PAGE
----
The main advantage to self-crosslinking, however, lies in its exceptional chemical resistance.
“Increasing crosslink density helps to create a more impenetrable network by linking polymer chains together,” Chavannavar explains. “This makes it difficult for water or other chemicals to pass through the coating and reach the substrate.”
She adds that because the polymer chains are linked to one another, it becomes difficult for chemicals to break the bonds and degrade the polymer. That’s how crosslinking boosts a coating’s resistance properties and overall performance.
Searching for the missing link
In particular, stain resistance has been a major driver for self-crosslinking systems — both in North America and in Europe.
Consumers have shown increasing interest in stain-resistant furniture and cabinetry. Household fixtures should be able to hold their own against stains from common items such as ketchup, mustard and coffee. Monroe adds that current design trends have also influenced the evolution of stain resistance.
For instance, recent market trends have shown a higher proportion of sales in white or very light-colored kitchen cabinetry. Because stains tend to show more on light paint, it becomes all the more important to use coatings with strong stain resistance.
The wood coatings market, and the industry at large, have also become increasingly interested in lowering the output of potentially harmful emissions.
“There are some really good products on the market, but those products demand higher levels of coalescing solvents,” says Monroe. As a result, the final formulation can end up emitting a higher percentage of VOCs.
As the industry and the market demand more sustainable coatings, the latest challenge lies in creating an acrylic material that formulates to lower VOC levels.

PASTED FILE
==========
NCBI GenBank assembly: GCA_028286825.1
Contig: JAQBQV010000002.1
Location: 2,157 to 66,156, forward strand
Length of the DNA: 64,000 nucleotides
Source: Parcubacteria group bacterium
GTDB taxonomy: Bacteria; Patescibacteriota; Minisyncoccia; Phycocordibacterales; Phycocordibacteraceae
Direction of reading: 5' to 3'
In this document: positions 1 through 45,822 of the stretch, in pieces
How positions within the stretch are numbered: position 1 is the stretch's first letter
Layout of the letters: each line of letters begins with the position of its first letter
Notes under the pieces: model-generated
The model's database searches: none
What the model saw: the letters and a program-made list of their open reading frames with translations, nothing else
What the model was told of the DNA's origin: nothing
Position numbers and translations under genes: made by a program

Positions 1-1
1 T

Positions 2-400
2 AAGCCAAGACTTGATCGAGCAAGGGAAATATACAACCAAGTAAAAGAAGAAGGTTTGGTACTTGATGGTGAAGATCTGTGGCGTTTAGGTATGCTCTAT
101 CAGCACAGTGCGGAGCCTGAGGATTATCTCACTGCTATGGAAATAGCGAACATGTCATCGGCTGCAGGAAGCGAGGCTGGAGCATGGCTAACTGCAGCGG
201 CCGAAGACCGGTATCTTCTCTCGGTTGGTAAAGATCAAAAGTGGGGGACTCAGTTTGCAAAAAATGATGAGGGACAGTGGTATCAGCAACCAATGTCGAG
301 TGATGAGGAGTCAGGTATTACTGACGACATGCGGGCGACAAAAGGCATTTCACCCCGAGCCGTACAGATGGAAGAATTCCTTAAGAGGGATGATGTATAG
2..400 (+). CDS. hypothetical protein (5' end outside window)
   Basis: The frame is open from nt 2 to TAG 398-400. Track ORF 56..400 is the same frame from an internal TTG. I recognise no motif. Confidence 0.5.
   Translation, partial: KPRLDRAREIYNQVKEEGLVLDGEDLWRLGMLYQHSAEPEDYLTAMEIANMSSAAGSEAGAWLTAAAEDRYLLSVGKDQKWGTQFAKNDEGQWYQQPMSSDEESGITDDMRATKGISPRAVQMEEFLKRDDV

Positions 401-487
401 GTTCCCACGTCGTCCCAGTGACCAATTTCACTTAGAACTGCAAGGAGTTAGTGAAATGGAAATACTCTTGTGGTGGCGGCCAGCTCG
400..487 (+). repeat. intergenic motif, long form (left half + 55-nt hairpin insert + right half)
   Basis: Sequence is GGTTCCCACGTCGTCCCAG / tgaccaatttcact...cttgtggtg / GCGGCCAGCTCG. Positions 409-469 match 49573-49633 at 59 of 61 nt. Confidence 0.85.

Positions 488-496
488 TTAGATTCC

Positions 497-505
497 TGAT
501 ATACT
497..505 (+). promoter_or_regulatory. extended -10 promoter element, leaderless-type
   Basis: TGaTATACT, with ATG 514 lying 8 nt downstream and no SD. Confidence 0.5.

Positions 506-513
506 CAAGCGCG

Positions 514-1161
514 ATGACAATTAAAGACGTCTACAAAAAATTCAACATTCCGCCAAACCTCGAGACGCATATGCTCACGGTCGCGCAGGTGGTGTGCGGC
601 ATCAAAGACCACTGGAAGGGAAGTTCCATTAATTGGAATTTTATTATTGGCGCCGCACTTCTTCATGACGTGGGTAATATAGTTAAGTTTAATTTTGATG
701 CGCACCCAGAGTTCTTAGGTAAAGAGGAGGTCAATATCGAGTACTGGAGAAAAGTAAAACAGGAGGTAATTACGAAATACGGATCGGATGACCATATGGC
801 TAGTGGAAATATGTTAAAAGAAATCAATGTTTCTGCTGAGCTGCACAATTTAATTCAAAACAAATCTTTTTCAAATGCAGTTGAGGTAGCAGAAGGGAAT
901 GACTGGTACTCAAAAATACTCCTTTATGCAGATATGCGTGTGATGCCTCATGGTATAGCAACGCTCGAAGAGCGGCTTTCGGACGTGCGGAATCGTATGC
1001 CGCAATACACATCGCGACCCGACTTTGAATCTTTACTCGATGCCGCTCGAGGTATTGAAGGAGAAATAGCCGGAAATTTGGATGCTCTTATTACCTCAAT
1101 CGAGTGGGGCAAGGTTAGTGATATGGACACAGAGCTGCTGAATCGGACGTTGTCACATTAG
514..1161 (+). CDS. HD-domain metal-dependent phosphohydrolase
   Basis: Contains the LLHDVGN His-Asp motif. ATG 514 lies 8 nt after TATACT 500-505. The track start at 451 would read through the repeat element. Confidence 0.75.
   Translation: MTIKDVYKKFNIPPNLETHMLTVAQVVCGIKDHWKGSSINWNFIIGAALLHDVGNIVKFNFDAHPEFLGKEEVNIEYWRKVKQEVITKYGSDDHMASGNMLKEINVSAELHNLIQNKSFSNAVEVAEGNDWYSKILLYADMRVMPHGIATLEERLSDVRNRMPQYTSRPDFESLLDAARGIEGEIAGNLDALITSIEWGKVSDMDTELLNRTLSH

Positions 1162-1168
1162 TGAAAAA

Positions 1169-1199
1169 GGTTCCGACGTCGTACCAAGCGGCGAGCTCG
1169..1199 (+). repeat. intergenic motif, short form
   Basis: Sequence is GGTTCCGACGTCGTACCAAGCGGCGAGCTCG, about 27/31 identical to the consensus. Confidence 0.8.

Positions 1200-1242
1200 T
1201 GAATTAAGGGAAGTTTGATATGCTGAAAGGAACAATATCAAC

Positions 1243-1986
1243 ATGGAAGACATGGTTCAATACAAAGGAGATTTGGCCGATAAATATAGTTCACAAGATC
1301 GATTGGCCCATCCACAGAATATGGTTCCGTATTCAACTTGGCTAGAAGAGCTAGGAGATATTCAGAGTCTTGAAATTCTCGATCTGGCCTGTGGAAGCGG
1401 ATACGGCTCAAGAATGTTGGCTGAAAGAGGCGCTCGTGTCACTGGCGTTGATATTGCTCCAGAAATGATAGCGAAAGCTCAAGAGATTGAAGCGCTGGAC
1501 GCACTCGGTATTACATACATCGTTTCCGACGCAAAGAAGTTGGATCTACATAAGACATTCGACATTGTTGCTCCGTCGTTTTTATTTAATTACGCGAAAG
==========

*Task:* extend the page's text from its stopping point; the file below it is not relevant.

Some manufacturers have developed workarounds for the problem, which Monroe calls “tricks of the trade,” adding that they aren’t always as beneficial as they seem. For instance, manufacturers might add additional materials, like plasticizers, to offset the VOC content, but the trade-off often involves lowering performance characteristics and adding cost to the formulation.
Products like Joncryl 541 have successfully combined waterborne and self-crosslinking technologies to deliver a higher value overall. That said, formulators must also understand the general temperament of self-crosslinking resins before they dive into the system.
In particular, Chavannavar says there is a risk of having a self-crosslinking resin react while in storage.
“If the temperature is high or the pH is low, the crosslinking reaction may initiate prematurely,” she explains. “Because there are reactive species in the polymer backbone, these could also interact with additives in the formulation.”
To avoid a premature reaction, Chavannavar recommends testing formulated coatings for long-term storage stability and compatibility with additives. BASF also works with formulators to ensure nothing goes awry during the storage phase.
What’s next for self-crosslinking technology?
Self-crosslinking resins have been especially popular in challenging applications.
High-traffic areas such as garage floors, public parking lots, malls and retail stores demand good resistance against abrasion, as well as shoe and tire marks. Coatings for roofs, decks, and window trims must have strong water resistance to withstand the elements, while hospital floors need chemical resistance to hand sanitizers and disinfectants. Wood coatings, as well as interior coatings for cars and airplanes, should also have good chemical and stain resistance.
Chavannavar says self-crosslinking systems are in a particularly good position to offer the high-performance properties needed for all these applications.
Paired with the sustainable footprint of waterborne systems, self-crosslinking acrylics are poised to take the next big step into the future of wood coatings.